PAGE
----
Discovering balance during residency

Residents Corner By Scott Sexton, PharmD

It was last summer, and I was a new graduate of the Southern Illinois University Edwardsville School of Pharmacy. I had just matched with the residency program of my dreams and was set to move halfway across the country. After saying goodbye to friends and family, I eagerly set off for North Carolina in an overpacked car. I had no clue exactly what this new adventure would bring, but I knew the next step would involve a great deal of studying for exams.

Immediately upon arrival, I left my apartment only for quick stops to the grocery store. In just a couple of days, the sting of burnout from studying set in. I would gently remind myself that this busy phase was temporary and that there would be time down the road to enjoy my new city and make friends. I had no idea that this would become a recurring thought process.

Significant changes required

After becoming licensed, I began my residency. I discovered a plethora of opportunities to become a leader in my organization. As the new face at my site, I wanted to make an immediate impact and impress as many of my peers as I could. I quickly found my diet spiraling out of control. I was sleeping considerably less than I was accustomed to. I can count on one hand how many times I went to the gym during this period. Again, I found myself thinking, “I won’t be as busy next month.”

By October, I reached a level of burnout I had never experienced before. After 3 months of thinking each month would get easier, I finally dreaded going into work each day. This was a brand-new feeling for me, as I had always loved taking care of patients in the pharmacy. It was then that I discovered nobody is immune to burnout. I will always remember October 2017 as one of the most challenging months of my professional life, but also as one of the biggest opportunities for growth.

Moving forward, I made significant changes in my life. I reflected on the things that were going well and those that didn’t feel quite right. What I noticed was that the emphasis of my daily activities was placed on work, and my personal life had taken the backseat. I decided to make small changes and see if that would affect the care I was able to deliver to patients. First, I made a goal to be in bed before midnight every night. This may seem trivial, but shortly after this change, I began to feel more energized and alert. The pharmacy teams I worked with made fewer comments about how tired I looked at work.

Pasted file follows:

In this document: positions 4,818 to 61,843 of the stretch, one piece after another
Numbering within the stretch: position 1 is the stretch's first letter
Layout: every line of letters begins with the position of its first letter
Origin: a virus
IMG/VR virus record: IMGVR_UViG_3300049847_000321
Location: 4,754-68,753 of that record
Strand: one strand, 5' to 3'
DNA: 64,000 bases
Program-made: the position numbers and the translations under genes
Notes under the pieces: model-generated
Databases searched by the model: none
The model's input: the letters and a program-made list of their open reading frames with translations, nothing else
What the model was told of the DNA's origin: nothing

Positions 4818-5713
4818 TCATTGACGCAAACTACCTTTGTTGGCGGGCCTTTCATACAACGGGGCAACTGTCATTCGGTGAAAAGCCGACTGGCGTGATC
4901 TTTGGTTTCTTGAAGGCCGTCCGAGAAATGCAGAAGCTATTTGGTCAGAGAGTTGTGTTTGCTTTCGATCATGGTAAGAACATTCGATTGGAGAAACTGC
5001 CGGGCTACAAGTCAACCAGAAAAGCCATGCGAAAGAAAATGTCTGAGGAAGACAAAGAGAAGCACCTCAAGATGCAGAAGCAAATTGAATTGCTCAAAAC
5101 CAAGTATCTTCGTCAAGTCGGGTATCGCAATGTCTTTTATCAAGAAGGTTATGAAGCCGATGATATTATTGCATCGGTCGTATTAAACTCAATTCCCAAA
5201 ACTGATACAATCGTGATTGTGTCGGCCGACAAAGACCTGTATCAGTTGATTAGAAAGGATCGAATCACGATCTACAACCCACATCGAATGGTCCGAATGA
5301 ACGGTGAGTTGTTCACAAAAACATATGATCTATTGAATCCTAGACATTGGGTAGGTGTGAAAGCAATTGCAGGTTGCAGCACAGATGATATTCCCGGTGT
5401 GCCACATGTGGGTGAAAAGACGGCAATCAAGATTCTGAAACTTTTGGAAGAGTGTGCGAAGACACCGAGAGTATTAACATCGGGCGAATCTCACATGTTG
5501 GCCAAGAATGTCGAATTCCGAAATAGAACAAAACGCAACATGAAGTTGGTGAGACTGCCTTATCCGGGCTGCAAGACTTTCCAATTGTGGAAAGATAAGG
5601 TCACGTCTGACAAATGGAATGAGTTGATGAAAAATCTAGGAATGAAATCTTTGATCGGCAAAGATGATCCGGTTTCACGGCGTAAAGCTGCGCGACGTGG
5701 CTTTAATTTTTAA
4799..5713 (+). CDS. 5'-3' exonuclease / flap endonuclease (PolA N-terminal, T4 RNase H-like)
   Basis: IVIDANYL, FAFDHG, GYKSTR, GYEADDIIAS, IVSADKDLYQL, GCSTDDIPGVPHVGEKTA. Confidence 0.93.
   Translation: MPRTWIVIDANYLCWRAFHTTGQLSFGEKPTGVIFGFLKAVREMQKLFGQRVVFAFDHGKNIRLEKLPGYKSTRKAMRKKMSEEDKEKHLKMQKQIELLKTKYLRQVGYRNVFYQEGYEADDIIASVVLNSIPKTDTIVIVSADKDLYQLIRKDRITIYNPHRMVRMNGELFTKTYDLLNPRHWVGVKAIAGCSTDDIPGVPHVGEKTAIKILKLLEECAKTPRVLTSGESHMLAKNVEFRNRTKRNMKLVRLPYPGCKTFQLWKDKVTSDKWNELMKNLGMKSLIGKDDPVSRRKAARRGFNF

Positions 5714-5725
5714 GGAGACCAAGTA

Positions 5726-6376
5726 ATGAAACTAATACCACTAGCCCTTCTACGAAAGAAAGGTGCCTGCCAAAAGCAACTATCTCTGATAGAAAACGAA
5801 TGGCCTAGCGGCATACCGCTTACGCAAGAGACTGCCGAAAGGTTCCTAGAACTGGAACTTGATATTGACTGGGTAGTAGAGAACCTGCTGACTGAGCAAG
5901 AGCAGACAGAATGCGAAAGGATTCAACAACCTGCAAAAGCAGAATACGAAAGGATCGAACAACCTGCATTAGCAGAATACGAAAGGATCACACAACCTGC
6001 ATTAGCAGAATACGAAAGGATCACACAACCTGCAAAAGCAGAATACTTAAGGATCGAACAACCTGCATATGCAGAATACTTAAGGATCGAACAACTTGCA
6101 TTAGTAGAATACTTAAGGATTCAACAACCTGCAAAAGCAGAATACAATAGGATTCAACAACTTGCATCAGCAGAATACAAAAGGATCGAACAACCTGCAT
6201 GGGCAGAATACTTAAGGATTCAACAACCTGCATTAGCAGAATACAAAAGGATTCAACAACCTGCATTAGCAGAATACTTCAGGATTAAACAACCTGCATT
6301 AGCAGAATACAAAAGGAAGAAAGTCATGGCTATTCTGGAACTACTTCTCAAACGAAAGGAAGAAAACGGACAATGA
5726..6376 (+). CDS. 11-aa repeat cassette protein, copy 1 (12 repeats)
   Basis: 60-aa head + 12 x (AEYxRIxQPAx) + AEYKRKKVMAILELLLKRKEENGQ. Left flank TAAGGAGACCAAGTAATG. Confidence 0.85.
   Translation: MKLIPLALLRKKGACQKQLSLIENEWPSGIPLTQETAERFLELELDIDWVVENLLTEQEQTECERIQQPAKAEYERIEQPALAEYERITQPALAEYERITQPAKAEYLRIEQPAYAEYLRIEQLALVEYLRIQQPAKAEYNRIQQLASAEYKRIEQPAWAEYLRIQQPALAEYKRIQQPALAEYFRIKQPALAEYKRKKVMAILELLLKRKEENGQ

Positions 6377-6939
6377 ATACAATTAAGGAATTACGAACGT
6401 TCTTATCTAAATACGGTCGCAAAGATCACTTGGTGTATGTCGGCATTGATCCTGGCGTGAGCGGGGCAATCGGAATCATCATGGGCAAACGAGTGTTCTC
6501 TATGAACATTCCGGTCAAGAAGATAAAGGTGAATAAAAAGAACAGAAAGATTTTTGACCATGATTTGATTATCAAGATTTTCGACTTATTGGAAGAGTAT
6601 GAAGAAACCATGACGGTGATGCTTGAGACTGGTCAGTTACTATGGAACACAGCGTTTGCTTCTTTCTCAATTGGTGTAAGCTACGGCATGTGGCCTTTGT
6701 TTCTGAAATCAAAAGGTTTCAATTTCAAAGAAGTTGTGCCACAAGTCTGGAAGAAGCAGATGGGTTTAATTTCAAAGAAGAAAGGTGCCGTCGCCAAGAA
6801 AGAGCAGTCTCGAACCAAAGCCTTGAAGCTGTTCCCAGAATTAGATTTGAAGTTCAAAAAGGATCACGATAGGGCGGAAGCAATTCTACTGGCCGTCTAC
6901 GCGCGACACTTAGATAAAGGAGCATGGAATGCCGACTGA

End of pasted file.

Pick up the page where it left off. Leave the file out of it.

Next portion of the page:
Next, I decided it was finally time to get in shape. As a former athlete, I was unhappy with the changes that occurred to my diet and exercise routines. Aware of my busy and unpredictable schedule, I subscribed to an at-home workout program. This provided me a strict schedule to follow to hold myself accountable. Additionally, I began cooking much more frequently. When I wasn’t cooking, I was choosing the healthiest option on whichever menu I was perusing. By incorporating these changes, I felt significantly better with every passing day. The final change I made was adding time to my calendar for social activities. Spending time with others in an environment outside of work has truly made an impact on my happiness.

Finding balance

While adding these daily activities to my schedule certainly takes up time, I finally feel like I have discovered the work–life balance that I have heard my peers talk about. By practicing better self-care, I have created an environment where I am living a happier life than I can ever remember. I am living my dream serving patients as a pharmacist without sacrificing my productivity by incorporating balance.

It appears that the old saying is true: “You cannot take care of others if you don’t take care of yourself.” Remember to always be cognizant of your personal well-being.